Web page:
DHCP Problem

  stevieb89 01:47 02 Jan 2010

i'll try to be as concise as possible with my explanation. I've had a working home network the the past 3 years. one night out of no where my internet completely stopped working. i tried everything to get it working and called my cable provider to see if it was a modem issue. it seems now the only thing that works is if i plug the modem directly into the computer it is next to, if i try to use the router or try to go directly to my upstairs computer, the internet does not work. i believe this is an issue with DHCP and my computer not issuing IP addresses correctly. Below are the settings and results of a scan on the downstairs (working) computer.

[IMG]click here[/IMG]

  STREETWORK 07:12 02 Jan 2010

Which router and operating system are you using please?

How is the router connected?


To eliminate any wiring problems in the house connect the router directly to the master socket by carefully unscrewing and pulling off the lower cover (careful of the short wires) Plug the router through a filter into the socket.

Try and connect now. If this does not work the next thing to check is that the filters are working, see if you can borrow a spare one rather than forking out first.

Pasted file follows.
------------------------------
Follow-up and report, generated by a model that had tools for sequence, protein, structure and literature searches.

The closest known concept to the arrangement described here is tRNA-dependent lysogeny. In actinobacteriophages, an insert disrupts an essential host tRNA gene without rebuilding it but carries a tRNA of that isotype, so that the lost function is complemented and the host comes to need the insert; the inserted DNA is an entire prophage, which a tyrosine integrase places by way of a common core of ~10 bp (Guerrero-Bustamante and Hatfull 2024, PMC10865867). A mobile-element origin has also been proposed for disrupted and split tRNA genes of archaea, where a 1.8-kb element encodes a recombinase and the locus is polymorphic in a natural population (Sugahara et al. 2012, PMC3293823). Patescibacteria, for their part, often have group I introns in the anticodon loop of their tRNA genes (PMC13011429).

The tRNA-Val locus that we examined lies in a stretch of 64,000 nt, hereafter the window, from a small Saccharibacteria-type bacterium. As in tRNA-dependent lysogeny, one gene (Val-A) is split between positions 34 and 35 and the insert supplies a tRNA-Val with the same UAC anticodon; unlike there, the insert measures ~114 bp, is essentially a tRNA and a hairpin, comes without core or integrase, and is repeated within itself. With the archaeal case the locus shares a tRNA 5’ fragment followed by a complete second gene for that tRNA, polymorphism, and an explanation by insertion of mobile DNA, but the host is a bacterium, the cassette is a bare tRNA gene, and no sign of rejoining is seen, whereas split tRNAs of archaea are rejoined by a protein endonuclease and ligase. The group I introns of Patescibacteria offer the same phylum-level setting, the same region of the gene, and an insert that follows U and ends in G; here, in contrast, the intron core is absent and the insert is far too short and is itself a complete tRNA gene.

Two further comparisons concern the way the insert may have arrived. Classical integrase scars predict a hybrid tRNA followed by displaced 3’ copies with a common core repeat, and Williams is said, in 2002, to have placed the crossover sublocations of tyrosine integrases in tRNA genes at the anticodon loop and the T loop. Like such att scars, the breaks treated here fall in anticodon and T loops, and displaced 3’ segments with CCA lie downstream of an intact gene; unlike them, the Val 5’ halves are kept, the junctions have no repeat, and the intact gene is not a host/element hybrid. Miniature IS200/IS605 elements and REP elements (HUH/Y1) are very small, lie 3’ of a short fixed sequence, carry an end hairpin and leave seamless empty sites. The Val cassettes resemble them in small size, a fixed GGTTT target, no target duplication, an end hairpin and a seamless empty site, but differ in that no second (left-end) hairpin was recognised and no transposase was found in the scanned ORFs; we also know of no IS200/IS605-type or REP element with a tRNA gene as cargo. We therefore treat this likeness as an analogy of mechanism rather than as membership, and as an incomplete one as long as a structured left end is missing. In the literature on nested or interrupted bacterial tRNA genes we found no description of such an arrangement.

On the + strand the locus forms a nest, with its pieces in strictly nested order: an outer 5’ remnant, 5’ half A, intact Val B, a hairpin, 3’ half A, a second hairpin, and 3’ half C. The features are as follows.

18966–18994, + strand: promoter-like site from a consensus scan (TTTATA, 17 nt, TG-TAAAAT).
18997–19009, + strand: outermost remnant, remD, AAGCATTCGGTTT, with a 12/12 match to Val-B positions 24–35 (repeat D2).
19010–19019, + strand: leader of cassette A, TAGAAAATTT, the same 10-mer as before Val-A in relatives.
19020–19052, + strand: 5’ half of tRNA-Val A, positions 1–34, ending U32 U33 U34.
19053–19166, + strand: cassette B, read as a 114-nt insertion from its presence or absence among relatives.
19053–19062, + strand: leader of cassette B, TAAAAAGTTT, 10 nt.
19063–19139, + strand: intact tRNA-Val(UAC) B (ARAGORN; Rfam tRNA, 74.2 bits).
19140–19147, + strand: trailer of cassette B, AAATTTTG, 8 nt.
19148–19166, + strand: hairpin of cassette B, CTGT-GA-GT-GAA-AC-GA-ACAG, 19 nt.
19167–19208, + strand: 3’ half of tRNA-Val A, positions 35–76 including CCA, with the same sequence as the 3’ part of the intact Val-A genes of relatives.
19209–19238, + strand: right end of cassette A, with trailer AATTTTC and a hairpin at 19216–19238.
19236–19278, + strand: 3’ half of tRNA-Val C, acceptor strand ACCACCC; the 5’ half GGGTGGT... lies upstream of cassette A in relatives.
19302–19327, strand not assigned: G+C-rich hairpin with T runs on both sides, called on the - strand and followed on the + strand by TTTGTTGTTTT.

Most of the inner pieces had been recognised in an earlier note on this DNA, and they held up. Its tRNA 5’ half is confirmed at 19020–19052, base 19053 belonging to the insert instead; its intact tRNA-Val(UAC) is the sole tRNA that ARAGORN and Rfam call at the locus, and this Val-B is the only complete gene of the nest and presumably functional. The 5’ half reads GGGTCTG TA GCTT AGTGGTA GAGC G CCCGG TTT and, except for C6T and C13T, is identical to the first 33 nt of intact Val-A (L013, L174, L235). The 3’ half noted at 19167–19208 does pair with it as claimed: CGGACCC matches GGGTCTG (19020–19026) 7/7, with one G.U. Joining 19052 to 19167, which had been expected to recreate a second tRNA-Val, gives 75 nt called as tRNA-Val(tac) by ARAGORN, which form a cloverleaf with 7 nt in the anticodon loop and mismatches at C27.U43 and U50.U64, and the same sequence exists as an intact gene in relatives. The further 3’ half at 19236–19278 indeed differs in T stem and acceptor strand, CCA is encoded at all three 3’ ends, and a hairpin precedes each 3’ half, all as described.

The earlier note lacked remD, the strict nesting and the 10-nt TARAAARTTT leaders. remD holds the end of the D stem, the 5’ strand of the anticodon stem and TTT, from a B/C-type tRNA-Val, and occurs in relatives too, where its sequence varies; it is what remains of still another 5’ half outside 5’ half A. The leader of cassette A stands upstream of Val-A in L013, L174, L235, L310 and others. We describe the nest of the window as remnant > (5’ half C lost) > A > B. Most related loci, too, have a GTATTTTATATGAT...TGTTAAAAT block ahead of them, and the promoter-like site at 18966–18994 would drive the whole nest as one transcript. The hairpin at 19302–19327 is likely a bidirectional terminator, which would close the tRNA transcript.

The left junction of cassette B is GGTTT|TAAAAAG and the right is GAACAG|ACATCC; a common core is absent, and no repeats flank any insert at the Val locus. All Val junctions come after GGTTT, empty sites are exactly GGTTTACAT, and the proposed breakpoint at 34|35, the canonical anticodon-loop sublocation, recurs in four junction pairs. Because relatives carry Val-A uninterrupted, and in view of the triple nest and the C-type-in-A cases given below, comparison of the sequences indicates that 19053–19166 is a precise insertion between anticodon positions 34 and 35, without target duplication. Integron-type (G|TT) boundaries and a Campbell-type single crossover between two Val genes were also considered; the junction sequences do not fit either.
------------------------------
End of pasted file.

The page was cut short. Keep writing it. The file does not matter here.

These are the checks to do from the described problems...

  mgmcc 12:27 02 Jan 2010

Firstly, it appears that you have your "Local Area Connection" and "1394 Connection" (which is Firewire) bridged.

Right click the "Local Area Connection" and select Remove from Bridge.

Right click the "1394 Connection" and select Remove from Bridge.

Right click the Network Bridge and delete it.

[This can all be reversed by highlighting the two adapters, right clicking and selecting the option to "bridge" them.]

As it appears that you're using *CABLE* broadband, ensure that you follow the correct procedure for swapping connections to the Cable Modem. Power off the Cable Modem for several minutes, so that it releases the association between the existing connection (recognised by the network adapter's MAC address) and the IP address that it has allocated. When powered on again, it will recognise a new connection and allocate a different IP address to it. Alternatively, most routers can "clone" the PC's network adapter MAC address, so that the connection can be swapped over without having to power off the modem.

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